The integration of climate science and catastrophe modelling could benefit society, according to a new report by The Geneva Association.
Catastrophe risk modelling is a technique that uses computer-assisted calculations to estimate the losses that could occur as a result of a catastrophic event such as a hurricane or earthquake.
It has already revolutionised the way insurers assess, price and manage disaster risks, but its benefits could be extended by incorporating the technique into climate change management.
Predicting and managing the possible impacts of climate change is more important than ever, especially considering recent UN warnings that the planet only has 12 years to limit the temperature increase to a maximum of 1.5C to avoid devastating effects.
How catastrophe modelling could be paired with climate data
A recent research report from The Geneva Association, an insurance industry think tank, looked at how the technology could be applied to different climate change scenarios. By combining catastrophe modelling with the latest climate science, observational capabilities and emerging technologies, it could be used to better understand the impact of weather-related risk on assets, operations and investments.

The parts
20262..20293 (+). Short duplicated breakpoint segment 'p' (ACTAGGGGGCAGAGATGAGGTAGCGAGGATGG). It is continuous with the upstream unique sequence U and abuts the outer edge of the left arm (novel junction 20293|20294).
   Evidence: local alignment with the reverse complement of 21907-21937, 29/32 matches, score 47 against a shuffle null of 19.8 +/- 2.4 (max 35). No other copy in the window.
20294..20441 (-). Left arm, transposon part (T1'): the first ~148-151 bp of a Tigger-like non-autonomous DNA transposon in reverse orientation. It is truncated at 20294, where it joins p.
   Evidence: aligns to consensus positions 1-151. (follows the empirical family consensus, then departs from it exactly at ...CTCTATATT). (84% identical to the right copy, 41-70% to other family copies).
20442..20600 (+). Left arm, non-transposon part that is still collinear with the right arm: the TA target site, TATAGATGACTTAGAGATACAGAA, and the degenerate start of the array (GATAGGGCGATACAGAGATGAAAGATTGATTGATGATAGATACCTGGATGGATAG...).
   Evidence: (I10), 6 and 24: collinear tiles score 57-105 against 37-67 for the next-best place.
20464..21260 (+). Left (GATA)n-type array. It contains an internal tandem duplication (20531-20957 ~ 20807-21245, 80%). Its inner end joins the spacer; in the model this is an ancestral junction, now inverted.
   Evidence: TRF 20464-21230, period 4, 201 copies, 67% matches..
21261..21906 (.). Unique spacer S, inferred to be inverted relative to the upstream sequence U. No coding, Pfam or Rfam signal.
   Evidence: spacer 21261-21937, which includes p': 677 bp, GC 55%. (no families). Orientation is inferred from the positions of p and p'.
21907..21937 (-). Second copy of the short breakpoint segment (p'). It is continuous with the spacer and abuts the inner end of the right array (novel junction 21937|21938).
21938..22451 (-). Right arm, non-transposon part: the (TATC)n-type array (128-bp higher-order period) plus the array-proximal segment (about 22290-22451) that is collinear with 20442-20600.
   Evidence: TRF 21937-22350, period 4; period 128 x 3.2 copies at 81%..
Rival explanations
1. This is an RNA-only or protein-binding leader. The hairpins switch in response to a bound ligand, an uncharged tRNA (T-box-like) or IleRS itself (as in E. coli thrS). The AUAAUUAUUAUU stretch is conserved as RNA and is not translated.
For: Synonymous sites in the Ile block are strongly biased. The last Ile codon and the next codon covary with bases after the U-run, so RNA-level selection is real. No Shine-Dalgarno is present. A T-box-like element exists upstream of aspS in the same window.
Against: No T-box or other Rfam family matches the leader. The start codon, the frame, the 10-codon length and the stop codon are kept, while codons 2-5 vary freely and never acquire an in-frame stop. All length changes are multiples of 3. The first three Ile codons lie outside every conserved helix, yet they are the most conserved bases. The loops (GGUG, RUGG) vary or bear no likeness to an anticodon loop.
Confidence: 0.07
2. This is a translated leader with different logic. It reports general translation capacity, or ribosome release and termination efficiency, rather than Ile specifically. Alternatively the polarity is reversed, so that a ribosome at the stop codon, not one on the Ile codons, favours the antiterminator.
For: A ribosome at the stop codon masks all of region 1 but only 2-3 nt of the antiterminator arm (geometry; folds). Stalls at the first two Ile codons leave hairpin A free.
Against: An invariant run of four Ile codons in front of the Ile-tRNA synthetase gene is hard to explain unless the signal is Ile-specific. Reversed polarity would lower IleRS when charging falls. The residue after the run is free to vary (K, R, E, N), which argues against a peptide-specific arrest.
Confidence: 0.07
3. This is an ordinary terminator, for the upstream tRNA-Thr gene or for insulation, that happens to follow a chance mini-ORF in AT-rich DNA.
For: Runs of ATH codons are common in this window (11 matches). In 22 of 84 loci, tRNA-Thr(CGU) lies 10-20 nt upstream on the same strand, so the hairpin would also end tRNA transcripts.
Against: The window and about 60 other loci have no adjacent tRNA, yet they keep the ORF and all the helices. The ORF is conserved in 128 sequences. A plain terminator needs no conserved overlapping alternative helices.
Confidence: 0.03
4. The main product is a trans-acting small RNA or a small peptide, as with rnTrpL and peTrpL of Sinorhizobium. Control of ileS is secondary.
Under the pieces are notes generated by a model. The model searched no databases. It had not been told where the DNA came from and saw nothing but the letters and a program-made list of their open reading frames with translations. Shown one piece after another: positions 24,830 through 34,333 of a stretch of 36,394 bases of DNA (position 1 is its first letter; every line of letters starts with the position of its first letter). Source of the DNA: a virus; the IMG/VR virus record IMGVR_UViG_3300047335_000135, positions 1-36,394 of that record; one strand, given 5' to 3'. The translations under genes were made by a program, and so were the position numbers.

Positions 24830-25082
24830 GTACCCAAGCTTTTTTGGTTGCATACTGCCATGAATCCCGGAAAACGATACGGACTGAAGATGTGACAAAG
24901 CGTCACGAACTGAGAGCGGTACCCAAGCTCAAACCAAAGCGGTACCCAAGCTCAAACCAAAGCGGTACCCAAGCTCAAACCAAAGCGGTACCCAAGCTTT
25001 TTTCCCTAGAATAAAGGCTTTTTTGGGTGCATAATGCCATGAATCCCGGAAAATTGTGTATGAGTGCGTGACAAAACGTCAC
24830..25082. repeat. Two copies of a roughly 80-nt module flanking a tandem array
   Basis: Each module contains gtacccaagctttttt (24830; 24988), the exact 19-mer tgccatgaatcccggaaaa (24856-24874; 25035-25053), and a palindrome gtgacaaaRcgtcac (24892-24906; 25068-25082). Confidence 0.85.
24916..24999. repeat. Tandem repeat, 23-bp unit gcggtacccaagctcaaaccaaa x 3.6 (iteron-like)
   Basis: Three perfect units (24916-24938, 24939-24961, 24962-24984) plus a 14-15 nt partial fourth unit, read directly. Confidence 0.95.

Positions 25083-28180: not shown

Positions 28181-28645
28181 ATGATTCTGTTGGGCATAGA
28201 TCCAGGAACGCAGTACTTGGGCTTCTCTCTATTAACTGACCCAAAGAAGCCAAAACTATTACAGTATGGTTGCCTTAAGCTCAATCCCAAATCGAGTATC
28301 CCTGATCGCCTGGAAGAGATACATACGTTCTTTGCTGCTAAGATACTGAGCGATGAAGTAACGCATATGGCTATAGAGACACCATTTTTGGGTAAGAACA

This can then be used to develop risk management measures to address such risks. They could be extended to assess and mitigate extreme weather risk across the life cycle of infrastructure projects, enhancing infrastructure climate resilience and offer additional risk transfer and investment opportunities.
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Anna Maria D’Hulster, Secretary General of The Geneva Association, said:
“Cat modelling is more relevant than ever. As the effects of climate change become more severe, the insurance industry must keep up with market demand and anticipate future changes through the advancement of risk analytics. Cat models can assist insurers and policymakers develop a thorough understanding of the costs and implications of catastrophe risk.
“Few sectors of the economy play a role as intense in catastrophe recovery as insurance; therefore, the industry should strive to continually strengthen the predictive power of its Cat modelling capabilities.”
The report also recommended that the next generation of catastrophe models should embrace systems-based thinking, by connecting them with other modelling systems such as those applied in economic analysis, the water-food-energy nexus and infrastructure and health systems.
This could result in better understanding of feedback loops across different sectors, and lead to improved policymaking, planning and risk management decisions.